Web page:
The black dot at the centre is the ‘well-spring’ of consciousness. For artists (and great scientists) it is the Muse. For religionists it is the voice of God within (albeit distorted by the dust of self). For non-religionists it is the inner source of spirit as energy & inspiration – the bits of realization and insight that come to us for which we don’t make an effort.

Educating the human spirit is seen as nurturing, and cultivating, the life-force which culminates in the developed human who, through higher-order consciousness, realizes abilities from within Caring, Creative or Critical engagements. 

Teaching is seen as nurturing and cultivating what is normally present, almost from birth, & certainly by the time we go to school – namely the flow of spirit expressed in nascent forms of Caring, Creativity, and Criticality – in Community with others. Holistic Learning takes place when the learner uses Creativity, Criticality and Caring – in Community – inspired by higher-order values – in dynamic combinations such as Creativity providing texts for criticality – which then, via dialogue, produce/attract the spirit for more creativity.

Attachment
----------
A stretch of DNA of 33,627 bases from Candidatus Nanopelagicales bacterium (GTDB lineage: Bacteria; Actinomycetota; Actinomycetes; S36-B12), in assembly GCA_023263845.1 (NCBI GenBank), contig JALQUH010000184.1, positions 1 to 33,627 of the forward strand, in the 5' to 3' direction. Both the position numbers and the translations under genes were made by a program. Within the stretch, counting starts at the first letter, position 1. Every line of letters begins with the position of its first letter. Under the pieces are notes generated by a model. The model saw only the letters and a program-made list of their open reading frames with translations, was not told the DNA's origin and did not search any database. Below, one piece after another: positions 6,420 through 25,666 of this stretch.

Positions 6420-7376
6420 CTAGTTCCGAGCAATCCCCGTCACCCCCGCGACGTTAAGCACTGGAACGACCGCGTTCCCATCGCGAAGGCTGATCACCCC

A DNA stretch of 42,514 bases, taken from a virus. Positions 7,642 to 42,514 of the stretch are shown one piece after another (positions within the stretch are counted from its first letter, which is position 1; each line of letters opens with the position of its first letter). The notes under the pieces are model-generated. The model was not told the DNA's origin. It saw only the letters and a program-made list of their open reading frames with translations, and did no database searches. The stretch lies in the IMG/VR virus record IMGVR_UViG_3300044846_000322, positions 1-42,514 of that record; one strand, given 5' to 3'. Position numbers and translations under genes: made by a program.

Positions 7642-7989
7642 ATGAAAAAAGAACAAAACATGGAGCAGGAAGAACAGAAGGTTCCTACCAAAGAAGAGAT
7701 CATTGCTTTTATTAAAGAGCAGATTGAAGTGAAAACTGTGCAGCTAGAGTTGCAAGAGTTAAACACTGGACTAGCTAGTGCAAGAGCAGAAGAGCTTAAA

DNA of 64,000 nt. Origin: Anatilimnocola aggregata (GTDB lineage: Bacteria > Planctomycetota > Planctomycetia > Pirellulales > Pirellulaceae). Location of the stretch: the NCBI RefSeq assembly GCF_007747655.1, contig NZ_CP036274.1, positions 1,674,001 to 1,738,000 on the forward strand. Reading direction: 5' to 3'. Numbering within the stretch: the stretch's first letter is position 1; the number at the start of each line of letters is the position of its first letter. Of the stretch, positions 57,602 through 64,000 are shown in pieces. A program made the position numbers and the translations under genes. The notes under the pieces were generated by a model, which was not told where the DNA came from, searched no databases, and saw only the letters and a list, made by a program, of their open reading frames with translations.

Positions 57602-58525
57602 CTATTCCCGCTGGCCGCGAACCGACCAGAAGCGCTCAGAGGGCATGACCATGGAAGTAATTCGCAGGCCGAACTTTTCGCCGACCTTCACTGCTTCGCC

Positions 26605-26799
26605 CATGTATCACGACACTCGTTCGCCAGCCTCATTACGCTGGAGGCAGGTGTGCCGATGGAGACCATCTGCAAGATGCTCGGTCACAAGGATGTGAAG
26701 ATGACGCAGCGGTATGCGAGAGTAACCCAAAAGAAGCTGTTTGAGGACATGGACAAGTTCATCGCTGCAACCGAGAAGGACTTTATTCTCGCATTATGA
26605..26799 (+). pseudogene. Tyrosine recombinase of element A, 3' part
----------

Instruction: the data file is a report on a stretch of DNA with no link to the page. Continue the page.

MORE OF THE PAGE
In SunWALK spirituality is not a dimension; it is the model as a whole. In SunWALK moral education is not a dimension – it is intrinsic to all of its praxis. 

The SunWALK logo can also be seen as a mandala, or even as a plan drawing for a fountain or an ‘arts centre of light’!  

SunWALK is a major shift to a process view of the world, of being human and of educating our young people. It rejects a worldview that is limited to the mechanistic, the ‘human-as-computer, the fragmentary and the materialistic; seeking instead modelling that is based on flow/process, holism and the spiritual.   

SunWALK is designed to enable teachers and students to become agents of change to transform a world that is still operated as atomistic, mechanistic and materialistic into one that is holistic, dialogic, and derived from the best processes and products of the human spirit.

The SunWALK logo and model of education Copyright Roger Prentice 1995 & 2009




SEE ALSO these allied blogs –